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EDITORIAL: It’s Christmas In Spite Of Challenges



This day in Christendom is celebrated as the birth day of our Lord and saviour Jesus Christ. It is a feast central to the Christian liturgical year. Preceding it is the season of Advent or the Nativity Fast and initiates the season of Christmastide which also includes an Octave. The traditional Christmas narrative, the Nativity of Jesus, delineated in the New Testament says that Jesus was born in Bethlehem, in accordance with messianic prophecies; when Joseph and Mary arrived in the city, the inn had no room and so they were offered a stable where the Christ Child was soon born, with angels proclaiming this news to shepherds who then disseminated the message furthermore. It is a fulfilment of the promise God made to King David that his descendant, a branch from the root of Jesse, will sit on his throne forever.

Today, most Christians celebrate on December 25 in the Gregorian calendar, which has been adopted almost universally. However, some Eastern Christian Churches celebrate Christmas on December 25 of the older Julian calendar, which currently corresponds to January 7 in the Gregorian calendar, the day after the Western Christian Church celebrates the Epiphany (the day the Three Wise Men came from the East, directed by His Star, visited Jesus in a manger in Bethlehem with gifts of Gold, Frankincense and Myrrh. It is also known as the Manifestation of Jesus).

This is not a disagreement over the date of Christmas as such, but rather a preference of which calendar should be used to determine the day that is December 25. The universal church also declared the 12 days between Christmas and Epiphany to be one unified festal cycle thus giving significance to both the Western and Eastern dates of Christmas. Moreover, for Christians, the belief that God came into the world in the form of man to atone for the sins of humanity, rather than the exact birth date, is considered to be the primary purpose in celebrating Christmas.

The celebratory customs associated in various countries with Christmas have a mix of pre-Christian, Christian, and secular themes and origins. Popular modern customs of the holiday include gift giving, completing an Advent calendar or Advent wreath, Christmas music and carolling. Because gift-giving and many other aspects of the Christmas festival involve heightened economic activity, the holiday has become a significant event and a key sales period for retailers and businesses. The economic impact of Christmas has grown steadily over the past few centuries in many regions of the world.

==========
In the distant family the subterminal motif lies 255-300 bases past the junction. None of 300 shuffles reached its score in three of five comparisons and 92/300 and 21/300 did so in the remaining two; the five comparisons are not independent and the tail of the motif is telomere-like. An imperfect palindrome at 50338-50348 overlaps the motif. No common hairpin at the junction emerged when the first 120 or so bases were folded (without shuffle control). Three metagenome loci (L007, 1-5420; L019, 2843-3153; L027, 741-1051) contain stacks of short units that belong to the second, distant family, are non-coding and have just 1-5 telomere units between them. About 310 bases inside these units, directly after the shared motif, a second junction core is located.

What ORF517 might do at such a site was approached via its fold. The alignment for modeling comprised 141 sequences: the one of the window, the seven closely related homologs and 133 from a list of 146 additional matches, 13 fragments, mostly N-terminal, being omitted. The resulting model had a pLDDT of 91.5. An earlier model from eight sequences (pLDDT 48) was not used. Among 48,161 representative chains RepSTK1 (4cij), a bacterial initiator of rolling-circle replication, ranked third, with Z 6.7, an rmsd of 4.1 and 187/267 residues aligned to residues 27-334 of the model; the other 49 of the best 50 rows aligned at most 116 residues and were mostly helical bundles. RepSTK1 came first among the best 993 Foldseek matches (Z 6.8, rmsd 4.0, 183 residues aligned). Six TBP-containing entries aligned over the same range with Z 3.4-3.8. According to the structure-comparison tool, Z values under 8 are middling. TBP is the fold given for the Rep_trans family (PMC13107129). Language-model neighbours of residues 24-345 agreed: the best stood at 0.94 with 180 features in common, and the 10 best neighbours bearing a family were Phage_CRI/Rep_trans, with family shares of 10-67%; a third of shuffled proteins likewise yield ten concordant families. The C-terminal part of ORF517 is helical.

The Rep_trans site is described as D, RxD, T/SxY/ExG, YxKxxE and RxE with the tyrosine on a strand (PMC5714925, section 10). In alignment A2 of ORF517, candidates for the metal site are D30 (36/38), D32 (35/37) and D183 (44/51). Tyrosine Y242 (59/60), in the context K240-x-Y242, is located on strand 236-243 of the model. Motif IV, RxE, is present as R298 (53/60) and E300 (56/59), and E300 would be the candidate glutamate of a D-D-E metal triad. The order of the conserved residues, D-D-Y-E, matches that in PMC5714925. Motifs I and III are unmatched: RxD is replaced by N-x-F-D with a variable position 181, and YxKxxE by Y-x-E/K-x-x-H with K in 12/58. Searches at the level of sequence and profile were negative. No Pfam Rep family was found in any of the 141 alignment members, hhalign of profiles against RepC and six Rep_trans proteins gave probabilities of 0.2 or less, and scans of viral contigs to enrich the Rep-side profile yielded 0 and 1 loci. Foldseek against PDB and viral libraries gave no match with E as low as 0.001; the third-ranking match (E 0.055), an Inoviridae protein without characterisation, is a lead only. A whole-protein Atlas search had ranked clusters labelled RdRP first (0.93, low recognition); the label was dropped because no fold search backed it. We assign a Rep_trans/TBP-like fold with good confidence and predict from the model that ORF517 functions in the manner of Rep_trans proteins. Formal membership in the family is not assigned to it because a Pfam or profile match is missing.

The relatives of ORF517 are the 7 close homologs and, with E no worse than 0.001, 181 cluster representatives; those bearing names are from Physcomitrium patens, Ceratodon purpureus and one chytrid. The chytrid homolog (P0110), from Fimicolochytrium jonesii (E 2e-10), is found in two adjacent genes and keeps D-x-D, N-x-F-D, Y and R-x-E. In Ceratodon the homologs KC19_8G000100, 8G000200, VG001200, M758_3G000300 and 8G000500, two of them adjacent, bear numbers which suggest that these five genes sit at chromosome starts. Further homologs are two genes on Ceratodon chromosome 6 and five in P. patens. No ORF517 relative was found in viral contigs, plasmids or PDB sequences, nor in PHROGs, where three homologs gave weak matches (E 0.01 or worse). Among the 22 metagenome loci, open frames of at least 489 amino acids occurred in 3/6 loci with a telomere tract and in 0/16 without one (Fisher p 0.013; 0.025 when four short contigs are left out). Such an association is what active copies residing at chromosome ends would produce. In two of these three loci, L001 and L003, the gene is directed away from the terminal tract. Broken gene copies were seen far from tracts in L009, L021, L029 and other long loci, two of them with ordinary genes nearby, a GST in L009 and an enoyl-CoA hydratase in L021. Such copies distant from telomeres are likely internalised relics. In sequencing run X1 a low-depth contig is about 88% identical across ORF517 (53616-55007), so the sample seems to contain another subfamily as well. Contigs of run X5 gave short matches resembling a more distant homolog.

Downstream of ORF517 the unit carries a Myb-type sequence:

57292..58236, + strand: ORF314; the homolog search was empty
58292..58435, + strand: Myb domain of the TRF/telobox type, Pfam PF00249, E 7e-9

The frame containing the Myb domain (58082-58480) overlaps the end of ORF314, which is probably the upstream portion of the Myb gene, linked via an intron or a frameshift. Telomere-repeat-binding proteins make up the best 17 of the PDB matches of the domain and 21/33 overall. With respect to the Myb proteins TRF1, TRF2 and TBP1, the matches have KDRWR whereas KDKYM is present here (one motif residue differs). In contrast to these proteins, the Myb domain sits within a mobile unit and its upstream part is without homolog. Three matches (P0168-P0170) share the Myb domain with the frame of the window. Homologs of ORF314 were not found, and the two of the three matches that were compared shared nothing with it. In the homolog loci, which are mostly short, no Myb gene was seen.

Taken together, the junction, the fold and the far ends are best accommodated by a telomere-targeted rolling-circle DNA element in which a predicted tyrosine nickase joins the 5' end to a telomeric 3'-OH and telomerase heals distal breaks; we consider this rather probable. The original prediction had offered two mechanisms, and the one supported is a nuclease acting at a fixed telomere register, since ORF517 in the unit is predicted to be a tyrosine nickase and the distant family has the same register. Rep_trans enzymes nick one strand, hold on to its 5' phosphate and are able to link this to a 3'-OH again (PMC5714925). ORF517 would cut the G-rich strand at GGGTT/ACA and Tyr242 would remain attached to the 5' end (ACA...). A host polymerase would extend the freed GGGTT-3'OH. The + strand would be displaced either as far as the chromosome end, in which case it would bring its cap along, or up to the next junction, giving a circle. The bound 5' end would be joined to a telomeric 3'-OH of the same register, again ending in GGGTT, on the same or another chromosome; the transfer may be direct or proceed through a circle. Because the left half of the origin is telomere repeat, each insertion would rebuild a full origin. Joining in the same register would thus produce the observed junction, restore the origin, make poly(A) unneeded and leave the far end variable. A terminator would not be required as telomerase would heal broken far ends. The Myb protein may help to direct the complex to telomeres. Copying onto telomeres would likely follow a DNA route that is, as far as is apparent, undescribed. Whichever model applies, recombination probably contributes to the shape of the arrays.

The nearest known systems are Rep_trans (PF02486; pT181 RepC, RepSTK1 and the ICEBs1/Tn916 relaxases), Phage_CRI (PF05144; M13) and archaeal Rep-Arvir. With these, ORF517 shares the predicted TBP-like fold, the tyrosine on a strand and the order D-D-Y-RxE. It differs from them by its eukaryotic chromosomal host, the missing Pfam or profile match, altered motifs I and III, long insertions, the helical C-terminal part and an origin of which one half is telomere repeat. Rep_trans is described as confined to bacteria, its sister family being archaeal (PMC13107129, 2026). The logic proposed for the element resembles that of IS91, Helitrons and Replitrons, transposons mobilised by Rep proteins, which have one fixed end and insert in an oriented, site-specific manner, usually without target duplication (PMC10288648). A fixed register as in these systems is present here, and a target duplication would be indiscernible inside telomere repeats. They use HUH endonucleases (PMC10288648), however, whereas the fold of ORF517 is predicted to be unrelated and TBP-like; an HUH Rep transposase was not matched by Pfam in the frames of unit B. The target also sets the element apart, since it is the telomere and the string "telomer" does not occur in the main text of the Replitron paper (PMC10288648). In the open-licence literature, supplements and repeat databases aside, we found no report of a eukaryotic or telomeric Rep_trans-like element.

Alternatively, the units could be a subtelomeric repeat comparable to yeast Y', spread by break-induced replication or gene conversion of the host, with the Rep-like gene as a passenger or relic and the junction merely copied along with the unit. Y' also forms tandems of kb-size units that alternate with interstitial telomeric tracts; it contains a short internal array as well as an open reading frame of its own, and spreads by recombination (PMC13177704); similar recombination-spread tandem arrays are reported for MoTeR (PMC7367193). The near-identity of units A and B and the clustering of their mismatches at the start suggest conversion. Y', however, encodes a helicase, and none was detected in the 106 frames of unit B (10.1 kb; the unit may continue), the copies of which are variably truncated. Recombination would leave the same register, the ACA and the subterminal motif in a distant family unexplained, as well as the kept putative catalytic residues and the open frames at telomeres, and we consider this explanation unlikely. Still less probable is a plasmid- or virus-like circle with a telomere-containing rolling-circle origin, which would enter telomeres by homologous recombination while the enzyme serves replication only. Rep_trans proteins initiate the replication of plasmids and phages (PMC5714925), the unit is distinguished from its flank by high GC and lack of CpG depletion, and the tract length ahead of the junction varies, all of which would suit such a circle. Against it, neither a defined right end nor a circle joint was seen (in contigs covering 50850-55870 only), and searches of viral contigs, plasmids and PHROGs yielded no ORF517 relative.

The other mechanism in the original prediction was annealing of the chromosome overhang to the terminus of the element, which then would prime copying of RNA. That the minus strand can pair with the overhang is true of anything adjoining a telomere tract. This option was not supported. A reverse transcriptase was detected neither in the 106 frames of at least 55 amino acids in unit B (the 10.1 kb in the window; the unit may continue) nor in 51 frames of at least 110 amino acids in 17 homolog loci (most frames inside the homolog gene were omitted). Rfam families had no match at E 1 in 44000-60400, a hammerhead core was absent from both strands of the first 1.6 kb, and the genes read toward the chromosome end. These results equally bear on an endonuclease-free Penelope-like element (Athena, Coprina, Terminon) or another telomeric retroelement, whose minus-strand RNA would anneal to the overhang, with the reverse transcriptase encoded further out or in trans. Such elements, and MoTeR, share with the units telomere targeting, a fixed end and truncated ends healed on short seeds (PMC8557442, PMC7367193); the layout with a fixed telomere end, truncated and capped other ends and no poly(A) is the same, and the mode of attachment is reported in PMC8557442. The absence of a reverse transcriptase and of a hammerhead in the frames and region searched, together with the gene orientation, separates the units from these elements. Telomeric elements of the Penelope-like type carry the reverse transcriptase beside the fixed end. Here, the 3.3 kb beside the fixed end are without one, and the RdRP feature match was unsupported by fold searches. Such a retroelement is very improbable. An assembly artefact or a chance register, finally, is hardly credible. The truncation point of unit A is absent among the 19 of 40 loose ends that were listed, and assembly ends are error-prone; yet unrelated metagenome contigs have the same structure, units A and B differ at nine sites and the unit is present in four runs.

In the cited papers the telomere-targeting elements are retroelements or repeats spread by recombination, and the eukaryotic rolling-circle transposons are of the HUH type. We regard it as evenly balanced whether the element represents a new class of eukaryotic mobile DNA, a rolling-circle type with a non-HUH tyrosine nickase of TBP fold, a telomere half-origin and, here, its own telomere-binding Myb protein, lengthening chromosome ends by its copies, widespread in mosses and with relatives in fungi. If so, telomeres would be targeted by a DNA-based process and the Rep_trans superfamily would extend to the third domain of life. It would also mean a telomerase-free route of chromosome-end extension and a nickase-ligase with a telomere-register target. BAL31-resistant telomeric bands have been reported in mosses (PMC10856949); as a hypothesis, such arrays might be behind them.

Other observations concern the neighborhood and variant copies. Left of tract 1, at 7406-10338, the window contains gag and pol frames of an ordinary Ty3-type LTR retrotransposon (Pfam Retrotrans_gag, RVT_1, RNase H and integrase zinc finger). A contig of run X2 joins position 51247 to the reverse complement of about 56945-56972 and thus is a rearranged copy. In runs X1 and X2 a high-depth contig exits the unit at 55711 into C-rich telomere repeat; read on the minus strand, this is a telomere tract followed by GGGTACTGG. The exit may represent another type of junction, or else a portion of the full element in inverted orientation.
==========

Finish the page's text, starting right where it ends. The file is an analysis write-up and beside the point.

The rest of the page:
This has given rise to the erroneous hedonistic perception of the feast that is supposed to be strictly Christian. It has become a period which success is marked by its material attachments as governments declare public holiday and also provide an opportunity for the addition of other incentives put together to make the season enjoyable. It has become a period that economic circumstances have become a major yardstick for measuring its success. That may explain why many go to any length to celebrate it. This includes doing, in some cases, the unthinkable in other not to be left out in the mad rush for a celebration that has almost been stripped of its spiritual import. Regardless of the fact that Christ is the central theme of the message of Christmas, the reason for the season, yet many deliberately ignore this significant aspect of the period in their vain pursuit of the mundane.

Disappointingly, this period of the feast of the Prince of Peace witnesses worst levels of crime and other anti-social behaviours. In the frenzied urge to ‘meet up’ many actually lose their lives in accidents that are mostly avoidable.

But in our opinion, Christmas ought to be a period for fellow feeling and the sharing of love. A time to remember the poor and lowly following the example of the Magi who brought gifts to the Child Jesus in his modest crib in a manger in Bethlehem.

In a message to mark the day, President Muhammadu Buhari, noted that the commemoration of the birth of Jesus Christ was an important opportunity for Nigerians to show love to one another and encourage unity by spending quality time with friends, families and the less-privileged. Even more significantly, the President said, it is an occasion to draw inspiration from the exemplary lifestyle, teachings of Jesus Christ who constantly stood for what is right, true and honest so as to bear in mind that Christmas, as a festival of peace, joy, healing, hope and fulfilment, kindles great expectations in the heart, irrespective of the challenges of the moment.

Merry Christmas.



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